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COMMENT: For months, we’ve highlighted the burgeoning scandal surrounding the “investigation” (read “cover-up”) of the neo-Nazi National Socialist Union –the latest German fascist group  to operate with apparent assistance  from the authorities .
The venerable Der Spiegel informs us that a “raffle” awarding press seating to the upcoming trial of one of its members has managed to exclude many of the Federal Republic’s credible and best known publications.
Coming fresh on the heels of the (apparently deliberate and systematic) exclusion of Turkish media  from the trial, this maneuver can only heighten suspicion that the powers that be in the Federal Republic do NOT want the truth to emerge.
This gambit is also noteworthy in that it strongly suggests that the German public opinion is worrisome to that country’s power brokers.
It appears that the truth  about the Third Reich, its influence on the Federal Republic , and the links between the Underground Reich  and that country’s security services  remains eclipsed for most German citizens.
EXCERPT: The Munich court where the NSU neo-Nazi terror trial is due to start on May 6 faces fresh controversy over media accreditation after several major German newspapers failed to obtain seats in a lottery of press passes. It was the second attempt to allocate seats after Turkish media had been left out in the first round.
The Munich court overseeing the biggest neo-Nazi trial in German history on Monday faced new complaints over its media accreditation process when leading German newspapers failed to obtain passes for the 50-seat press gallery.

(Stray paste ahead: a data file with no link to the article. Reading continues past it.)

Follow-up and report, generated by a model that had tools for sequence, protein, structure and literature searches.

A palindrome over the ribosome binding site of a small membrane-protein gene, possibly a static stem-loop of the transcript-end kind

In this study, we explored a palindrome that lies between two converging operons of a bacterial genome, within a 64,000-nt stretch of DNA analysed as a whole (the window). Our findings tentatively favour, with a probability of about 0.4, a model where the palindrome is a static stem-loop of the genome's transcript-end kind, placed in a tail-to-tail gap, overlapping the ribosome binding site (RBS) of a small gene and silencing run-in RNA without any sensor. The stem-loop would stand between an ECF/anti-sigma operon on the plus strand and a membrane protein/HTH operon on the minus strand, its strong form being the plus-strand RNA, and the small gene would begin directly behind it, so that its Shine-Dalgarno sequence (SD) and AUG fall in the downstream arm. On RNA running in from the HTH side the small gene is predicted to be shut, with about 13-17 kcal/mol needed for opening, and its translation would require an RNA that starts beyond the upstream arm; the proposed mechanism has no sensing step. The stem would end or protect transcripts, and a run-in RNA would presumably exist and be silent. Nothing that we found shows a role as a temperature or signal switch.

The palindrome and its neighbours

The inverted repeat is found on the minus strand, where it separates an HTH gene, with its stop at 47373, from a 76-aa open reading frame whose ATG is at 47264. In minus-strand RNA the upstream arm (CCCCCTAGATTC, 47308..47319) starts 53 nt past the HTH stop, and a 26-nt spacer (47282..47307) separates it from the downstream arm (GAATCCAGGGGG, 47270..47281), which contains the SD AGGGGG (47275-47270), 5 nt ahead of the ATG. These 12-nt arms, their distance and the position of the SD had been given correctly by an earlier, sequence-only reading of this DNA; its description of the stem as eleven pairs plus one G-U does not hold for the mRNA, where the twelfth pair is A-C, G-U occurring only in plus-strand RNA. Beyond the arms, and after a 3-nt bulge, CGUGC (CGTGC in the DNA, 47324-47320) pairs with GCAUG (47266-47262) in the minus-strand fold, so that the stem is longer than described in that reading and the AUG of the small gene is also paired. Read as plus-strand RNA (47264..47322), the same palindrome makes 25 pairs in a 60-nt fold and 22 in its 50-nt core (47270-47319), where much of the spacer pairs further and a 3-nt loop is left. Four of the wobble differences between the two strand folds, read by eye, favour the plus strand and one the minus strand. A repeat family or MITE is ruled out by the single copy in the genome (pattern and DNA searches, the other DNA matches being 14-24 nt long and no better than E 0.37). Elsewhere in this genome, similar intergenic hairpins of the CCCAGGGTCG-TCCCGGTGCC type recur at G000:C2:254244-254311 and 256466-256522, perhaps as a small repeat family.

The court postponed the start of the trial from its original date on April 17 to sort the problem out after the Federal Constitutional Court, responding to a complaint from a Turkish newspaper, ordered it to allocate seats to foreign journalists.
In an attempt to be completely fair, it decided to raffle the press passes. The venerable Frankfurter Allgemeine Zeitung, and another national broadsheet, Die Welt, failed to get press accreditation in the lottery conducted on Monday. Die Tageszeitung, another well-known German newspaper, also failed to get a seat.
All three said on Monday they were considering legal action against the allocation. Publications that obtained seats in the raffle included lesser known newspapers such as local paper Hallo Munich and women’s magazine Brigitte. . . .